Sweden is halting the use of Moderna’s COVID-19 vaccine for anyone born in 1991 or later following the reports of rare side effects.
The country’s Public Health Agency announced the pause after data showed an increase of myocarditis (inflammation of the heart muscle) and pericarditis (inflammation of the lining around the heart) in young people who had been vaccinated. Symptoms include breath, chest pain, or the feeling of a rapid or abnormal heart rhythm.
This pattern was also observed by the Candian government in June. The nation reported that these cases were most commonly reported by adolescents and young adults after the second dose — typically within several days after vaccination. Data also found that side effects were experienced more often by males than females.
Canada did not pause the use of the Moderna vaccine, however.
The same month, the United States’s Food and Drug Administration acknowledged a “likely association” between the Pfizer and Moderna vaccines and rare cases of myocarditis in adolescents and young adults. While they continued to recommend Americans over the age of 12 get vaccinated, they added a warning to both vaccines. The FDA said that, in most cases, the heart problems were mild.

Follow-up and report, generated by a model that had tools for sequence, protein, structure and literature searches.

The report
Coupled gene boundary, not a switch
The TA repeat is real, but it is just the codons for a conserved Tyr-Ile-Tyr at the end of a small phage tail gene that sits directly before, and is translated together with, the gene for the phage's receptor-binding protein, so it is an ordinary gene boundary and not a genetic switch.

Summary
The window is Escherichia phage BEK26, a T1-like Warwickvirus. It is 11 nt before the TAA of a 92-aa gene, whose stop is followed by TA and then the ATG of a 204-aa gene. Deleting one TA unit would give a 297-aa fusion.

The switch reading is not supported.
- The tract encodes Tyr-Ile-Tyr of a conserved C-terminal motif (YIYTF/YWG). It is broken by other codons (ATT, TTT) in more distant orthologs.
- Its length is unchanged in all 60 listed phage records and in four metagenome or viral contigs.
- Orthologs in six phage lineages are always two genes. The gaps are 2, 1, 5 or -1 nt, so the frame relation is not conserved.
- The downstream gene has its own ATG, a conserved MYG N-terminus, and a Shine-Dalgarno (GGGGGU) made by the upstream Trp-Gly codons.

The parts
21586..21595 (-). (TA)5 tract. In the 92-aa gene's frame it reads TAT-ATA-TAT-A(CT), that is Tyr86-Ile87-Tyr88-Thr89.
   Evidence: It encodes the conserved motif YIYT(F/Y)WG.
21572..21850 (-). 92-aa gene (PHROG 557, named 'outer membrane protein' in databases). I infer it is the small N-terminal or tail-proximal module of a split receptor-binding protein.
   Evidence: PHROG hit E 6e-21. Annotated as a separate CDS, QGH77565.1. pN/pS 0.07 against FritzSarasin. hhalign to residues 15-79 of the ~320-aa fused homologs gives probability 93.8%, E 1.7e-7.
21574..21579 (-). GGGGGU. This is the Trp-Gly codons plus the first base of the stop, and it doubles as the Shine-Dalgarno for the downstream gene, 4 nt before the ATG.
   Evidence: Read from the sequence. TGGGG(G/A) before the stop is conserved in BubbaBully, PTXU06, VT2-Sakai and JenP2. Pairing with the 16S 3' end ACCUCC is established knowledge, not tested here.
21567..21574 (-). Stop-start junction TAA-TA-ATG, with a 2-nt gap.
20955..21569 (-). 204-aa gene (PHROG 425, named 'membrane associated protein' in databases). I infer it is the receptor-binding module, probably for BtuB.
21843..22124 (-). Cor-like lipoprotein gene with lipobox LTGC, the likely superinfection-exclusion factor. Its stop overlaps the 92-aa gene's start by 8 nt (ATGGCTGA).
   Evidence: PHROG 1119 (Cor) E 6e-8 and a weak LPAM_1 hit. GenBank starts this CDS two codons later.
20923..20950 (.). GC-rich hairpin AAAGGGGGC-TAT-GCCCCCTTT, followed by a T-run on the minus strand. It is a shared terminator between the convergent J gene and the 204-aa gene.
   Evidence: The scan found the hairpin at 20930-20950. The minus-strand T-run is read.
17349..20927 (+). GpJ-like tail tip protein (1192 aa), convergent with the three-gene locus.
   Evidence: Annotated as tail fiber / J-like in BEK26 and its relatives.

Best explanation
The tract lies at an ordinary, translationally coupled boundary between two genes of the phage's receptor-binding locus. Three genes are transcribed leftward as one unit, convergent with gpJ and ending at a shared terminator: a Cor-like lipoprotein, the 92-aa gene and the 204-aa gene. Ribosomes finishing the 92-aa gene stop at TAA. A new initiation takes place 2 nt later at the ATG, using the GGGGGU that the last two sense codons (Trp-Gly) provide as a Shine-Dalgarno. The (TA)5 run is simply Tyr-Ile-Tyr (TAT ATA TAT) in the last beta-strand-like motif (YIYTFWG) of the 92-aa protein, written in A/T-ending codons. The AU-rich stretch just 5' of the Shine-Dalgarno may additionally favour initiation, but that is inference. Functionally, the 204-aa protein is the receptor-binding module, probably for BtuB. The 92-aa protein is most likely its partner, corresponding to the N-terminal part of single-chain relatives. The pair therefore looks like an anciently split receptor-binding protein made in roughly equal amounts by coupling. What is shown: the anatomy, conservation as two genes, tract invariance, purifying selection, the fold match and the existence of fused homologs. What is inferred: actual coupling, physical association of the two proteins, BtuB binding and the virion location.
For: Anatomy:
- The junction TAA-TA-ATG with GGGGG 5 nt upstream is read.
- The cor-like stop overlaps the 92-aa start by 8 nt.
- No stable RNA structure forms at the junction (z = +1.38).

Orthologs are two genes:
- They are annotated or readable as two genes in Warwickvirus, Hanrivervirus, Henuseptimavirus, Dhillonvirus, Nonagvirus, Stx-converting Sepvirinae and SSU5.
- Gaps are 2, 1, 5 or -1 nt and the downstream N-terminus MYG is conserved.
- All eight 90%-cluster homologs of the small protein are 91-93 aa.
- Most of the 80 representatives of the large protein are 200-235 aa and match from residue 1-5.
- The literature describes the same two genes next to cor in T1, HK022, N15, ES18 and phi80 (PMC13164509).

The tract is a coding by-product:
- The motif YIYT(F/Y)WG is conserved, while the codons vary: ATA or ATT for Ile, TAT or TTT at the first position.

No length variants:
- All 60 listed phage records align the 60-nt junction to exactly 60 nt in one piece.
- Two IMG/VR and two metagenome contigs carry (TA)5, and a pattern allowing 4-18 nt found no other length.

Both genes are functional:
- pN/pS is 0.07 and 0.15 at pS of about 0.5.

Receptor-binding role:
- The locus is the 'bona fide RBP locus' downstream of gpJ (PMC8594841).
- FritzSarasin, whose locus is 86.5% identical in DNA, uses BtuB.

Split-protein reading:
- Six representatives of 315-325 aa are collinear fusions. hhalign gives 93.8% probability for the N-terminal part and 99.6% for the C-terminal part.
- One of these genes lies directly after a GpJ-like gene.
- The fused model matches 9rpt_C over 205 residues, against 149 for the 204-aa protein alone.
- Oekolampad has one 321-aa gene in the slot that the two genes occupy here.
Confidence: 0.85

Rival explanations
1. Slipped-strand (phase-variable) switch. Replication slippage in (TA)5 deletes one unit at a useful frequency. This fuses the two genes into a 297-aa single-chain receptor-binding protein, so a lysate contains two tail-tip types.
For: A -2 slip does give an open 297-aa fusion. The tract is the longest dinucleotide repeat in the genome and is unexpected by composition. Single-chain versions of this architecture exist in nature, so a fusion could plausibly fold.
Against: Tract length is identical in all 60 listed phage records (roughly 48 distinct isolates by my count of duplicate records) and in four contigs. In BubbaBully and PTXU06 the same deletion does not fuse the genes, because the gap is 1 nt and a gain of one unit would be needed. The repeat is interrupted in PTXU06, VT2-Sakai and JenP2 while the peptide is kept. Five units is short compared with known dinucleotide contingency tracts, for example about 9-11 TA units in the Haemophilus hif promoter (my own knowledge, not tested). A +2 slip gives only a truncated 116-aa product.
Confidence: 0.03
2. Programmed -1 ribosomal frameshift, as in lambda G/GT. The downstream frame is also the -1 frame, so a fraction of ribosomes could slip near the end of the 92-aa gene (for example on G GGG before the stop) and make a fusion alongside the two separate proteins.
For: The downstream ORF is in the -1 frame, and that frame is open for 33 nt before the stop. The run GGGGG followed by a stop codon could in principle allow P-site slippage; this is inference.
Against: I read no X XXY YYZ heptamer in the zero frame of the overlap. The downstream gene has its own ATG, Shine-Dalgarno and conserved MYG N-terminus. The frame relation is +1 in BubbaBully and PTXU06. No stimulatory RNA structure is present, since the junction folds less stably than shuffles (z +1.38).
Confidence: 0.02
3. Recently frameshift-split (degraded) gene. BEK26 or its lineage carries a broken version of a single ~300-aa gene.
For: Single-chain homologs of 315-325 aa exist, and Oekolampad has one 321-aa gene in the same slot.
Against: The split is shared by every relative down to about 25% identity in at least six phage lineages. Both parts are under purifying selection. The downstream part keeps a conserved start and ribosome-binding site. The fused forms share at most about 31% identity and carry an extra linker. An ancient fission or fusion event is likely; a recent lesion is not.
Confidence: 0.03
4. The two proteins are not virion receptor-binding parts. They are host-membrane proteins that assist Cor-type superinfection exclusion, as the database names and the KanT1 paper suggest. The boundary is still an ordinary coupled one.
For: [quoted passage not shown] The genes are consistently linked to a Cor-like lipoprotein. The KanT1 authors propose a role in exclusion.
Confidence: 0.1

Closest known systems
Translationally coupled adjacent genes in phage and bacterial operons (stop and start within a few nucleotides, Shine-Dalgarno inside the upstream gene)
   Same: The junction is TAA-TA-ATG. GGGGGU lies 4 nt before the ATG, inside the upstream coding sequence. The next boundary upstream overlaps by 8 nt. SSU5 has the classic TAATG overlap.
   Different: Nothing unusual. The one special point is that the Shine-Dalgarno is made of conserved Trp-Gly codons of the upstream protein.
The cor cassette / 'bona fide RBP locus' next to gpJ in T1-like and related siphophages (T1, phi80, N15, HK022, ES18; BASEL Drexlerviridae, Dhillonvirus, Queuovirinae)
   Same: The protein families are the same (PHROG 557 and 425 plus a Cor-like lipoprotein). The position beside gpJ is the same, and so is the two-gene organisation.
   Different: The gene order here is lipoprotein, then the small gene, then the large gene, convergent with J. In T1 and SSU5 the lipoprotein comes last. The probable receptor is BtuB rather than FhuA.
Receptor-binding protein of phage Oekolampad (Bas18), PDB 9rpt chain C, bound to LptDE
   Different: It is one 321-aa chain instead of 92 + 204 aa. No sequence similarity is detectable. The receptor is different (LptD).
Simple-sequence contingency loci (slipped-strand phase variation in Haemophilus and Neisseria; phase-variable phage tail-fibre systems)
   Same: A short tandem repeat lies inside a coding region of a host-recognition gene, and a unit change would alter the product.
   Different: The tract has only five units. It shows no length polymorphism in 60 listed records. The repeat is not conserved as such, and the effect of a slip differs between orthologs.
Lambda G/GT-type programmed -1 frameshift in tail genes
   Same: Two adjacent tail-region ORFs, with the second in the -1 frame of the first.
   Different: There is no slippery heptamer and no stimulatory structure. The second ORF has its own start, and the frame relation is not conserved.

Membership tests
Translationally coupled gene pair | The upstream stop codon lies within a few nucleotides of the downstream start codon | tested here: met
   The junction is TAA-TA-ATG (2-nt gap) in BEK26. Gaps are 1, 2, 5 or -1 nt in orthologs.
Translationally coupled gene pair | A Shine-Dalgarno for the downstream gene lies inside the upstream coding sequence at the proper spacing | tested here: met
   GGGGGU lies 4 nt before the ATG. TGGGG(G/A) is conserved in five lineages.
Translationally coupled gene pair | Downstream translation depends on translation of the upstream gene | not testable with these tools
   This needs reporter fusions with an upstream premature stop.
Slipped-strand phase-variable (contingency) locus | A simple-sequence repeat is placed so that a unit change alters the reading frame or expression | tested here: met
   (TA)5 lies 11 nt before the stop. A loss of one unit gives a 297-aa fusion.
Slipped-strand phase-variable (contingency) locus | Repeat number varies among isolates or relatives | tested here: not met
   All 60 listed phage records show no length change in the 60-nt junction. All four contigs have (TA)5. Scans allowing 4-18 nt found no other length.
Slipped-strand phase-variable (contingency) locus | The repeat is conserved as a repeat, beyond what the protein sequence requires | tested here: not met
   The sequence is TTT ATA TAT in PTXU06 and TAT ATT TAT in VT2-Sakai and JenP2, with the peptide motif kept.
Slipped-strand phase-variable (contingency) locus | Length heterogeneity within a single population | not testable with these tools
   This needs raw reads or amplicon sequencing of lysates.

Sweden’s health agency said in a statement, “The connection is especially clear when it comes to Moderna’s vaccine Spikevax, especially after the second dose.”
It also acknowledged an increased risk tied to the second dose of the Moderna vaccine and the prevalence among young men and boys. The side effect reportedly occurred within two to four weeks after the second shot.
The agency has not publicly announced how many potential cases of heart inflammation it has identified.
“The health agency said it now recommended the Comirnaty vaccine from Pfizer/Biontech instead. People born 1991 or later that had received a first Moderna shot, some 81,000 people, would not get a second Moderna jab,” per Reuters.
The European Medicines Agency approved Spikevax for children over the age of 12 in July. Now, people aged 12-15 will only get the Pfizer/Biontech vaccine.
The European Union noted that 16 countries opted not to purchase “top-up” doses of the Moderna vaccine, which have been delivered slowly so far this year. The list of countries includes Poland, Romania, Belgium, Greece, the Czech Republic, Bulgaria, Slovakia, Ireland, Lithuania, Slovenia, Latvia, Estonia, Cyprus, Luxembourg, and Malta.
Approximately 81,000 people 30 years old and younger have already received a first jab of the Moderna vaccine in Sweden. They will not be offered the second dose. The Public Health Agency said that “discussions were ongoing about the best solution for this group.”
The decision will remain in place until at least Dec. 1, 2o21.